by Brian Whitaker
Originally published in Middle East
International, 3 May, 2002
THE American embassy under siege, the secret police under attack
and demonstrators on the streets, Yemen appears to be suffering
from the backlash that many feared the "war against
terrorism" would produce.
Public anger at Israeli assaults on Palestinian towns is
fuelling calls for the Yemeni government to end its security
co-operation with the United States.
Large demonstrations encouraged by Islamists have tried
several times to reach the heavily-guarded US embassy, though they
have so far been kept back and dispersed by police.
A previously unheard-of group called the "Sympathisers of
al-Qaeda" has claimed responsibility for several attacks on
the Political Security Organisation - Yemen's secret police.
A statement - sent from an e-mail address in the name of Salem
al-Rabeei, a Yemeni held by the US in Guantanamo Bay - threatened
suicide attacks against intelligence premises and "senior
political figures" unless 173 al-Qa'eda suspects allegedly
held at PSO headquarters are freed by May 10.
The statement advised people living near PSO properties to
move out until the "war is over", but politely offered
to compensate them for any collateral damage to their homes.
A bomb on April 4 damaged the east wall of the PSO
headquarters in Sana'a as well as the Turkish embassy nearby. The
homes of two PSO officials have also been targeted - one of them
On April 16, another bomb exploded near Bab al-Yemen, the main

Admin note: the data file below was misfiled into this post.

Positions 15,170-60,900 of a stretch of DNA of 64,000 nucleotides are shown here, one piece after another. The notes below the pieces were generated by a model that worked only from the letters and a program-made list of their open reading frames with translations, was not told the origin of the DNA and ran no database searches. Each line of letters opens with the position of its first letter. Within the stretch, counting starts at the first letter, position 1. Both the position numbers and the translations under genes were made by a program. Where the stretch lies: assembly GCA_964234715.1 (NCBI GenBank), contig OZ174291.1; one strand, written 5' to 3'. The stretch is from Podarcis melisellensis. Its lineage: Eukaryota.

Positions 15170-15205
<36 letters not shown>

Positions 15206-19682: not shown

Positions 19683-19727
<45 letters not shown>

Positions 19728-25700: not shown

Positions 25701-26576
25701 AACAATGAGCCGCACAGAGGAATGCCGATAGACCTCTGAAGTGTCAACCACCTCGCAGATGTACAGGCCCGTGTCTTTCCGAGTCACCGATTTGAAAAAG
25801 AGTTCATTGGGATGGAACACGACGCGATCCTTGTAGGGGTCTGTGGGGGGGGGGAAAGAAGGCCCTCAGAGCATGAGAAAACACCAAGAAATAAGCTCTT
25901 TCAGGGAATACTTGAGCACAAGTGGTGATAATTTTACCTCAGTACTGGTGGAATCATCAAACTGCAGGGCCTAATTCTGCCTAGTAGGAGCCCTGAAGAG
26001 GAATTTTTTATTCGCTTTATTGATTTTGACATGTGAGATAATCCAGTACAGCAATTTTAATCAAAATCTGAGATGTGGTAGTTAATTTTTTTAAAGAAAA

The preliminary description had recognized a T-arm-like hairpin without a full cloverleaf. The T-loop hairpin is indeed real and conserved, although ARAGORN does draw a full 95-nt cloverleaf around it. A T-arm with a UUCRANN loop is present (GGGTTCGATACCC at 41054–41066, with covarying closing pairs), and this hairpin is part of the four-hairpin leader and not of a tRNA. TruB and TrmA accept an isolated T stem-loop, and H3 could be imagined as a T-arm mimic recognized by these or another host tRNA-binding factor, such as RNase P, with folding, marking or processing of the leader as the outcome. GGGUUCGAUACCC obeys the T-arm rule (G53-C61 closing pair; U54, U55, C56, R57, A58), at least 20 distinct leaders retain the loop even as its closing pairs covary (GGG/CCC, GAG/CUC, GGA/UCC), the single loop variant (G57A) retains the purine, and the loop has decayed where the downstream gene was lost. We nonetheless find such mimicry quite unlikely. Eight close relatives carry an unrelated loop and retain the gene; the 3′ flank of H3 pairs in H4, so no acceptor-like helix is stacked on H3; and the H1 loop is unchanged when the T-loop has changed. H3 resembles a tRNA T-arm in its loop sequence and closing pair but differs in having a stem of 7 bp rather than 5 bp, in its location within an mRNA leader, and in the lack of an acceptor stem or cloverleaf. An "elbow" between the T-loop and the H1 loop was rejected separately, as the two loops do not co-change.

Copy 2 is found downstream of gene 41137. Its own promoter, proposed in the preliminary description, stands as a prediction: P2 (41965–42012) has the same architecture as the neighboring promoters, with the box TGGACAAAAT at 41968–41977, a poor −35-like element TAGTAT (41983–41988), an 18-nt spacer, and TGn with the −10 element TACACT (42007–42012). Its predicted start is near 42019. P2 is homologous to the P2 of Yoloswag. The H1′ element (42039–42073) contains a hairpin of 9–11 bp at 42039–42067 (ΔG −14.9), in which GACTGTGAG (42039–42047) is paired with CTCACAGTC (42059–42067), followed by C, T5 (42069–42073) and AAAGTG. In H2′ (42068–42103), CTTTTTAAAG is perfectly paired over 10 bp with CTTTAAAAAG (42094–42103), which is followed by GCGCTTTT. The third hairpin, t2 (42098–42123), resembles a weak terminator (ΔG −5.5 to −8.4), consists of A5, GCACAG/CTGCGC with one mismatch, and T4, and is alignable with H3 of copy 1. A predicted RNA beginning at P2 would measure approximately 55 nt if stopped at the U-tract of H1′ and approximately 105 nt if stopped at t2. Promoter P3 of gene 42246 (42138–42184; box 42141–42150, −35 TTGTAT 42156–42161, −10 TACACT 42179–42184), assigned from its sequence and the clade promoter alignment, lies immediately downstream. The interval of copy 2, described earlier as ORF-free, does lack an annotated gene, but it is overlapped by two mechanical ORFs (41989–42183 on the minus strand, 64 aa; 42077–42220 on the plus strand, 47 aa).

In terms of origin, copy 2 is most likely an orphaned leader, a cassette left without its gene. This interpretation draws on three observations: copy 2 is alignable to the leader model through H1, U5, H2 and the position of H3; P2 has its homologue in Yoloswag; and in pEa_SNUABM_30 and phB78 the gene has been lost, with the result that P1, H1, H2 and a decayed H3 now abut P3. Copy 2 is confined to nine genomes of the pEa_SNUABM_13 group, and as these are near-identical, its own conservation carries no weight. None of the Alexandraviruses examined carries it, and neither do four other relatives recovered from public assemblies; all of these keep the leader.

entrance to the old city. It damaged the civil aviation
headquarters and other property but its apparent target was a
branch office of the PSO.
The US embassy closed its doors to the public on April 23
after a warning of "possible terrorist activities" and
did not re-opened them until five days later. According to the
Yemen Times, other western embassies have received threats by
telephone and explosive devices have been found near various
embassies as well as diplomatic residences.
Some Yemeni officials have taken a dislike to the new American
ambassador, Edmond Hull, who arrived last September. An article in
al-Mithaq weekly - which is published by the ruling General
People's Congress - accused him of haughtiness and interfering in
domestic affairs. It said his behaviour was "like a high
commissioner, not like a diplomat".
Meanwhile, security co-operation continues apace. The US is
helping to install a system of computers and cameras at airports
and border crossings which will provide centralised monitoring of
everyone who enters or leaves the country - at least by the normal
According to President Ali Abdullah Salih, team of 40 American
"military experts" is currently in Yemen providing
anti-terrorism training to the security forces.
Yemen and the US are also understood to have agreed new terms
for refuelling US warships in Aden. Refuelling was suspended
following the suicide attack on USS Cole in October 2000, which
has been linked to al-Qaeda.
Under the new agreement US marines would help to provide
security at the port, though American officials say they have no
immediate plans to resume refuelling there.
Britain and the US have finally taken action against Abu Hamza
al-Masri, the London-based cleric who is wanted in Yemen on
Abu Hamza acted as spokesman for the Islamic Army of
Aden-Abyan, a group with al-Qaeda connections, which kidnapped 16
western tourists in southern Yemen in 1998. The Yemeni authorities
say Abu Hamza also sent 10 young men from Britain - including his
son and stepson - to attack British and American interests in
Last week the British Charity Commission banned Abu Hamza from
the preaching at Finsbury Park mosque in London. The commission
has the power to do this because the mosque is a registered
charity. It says the ban is temporary, "pending consideration
of the permanent removal of Mr Hamza from his role within the
In addition, the US Treasury has ordered a freeze Abu Hamza's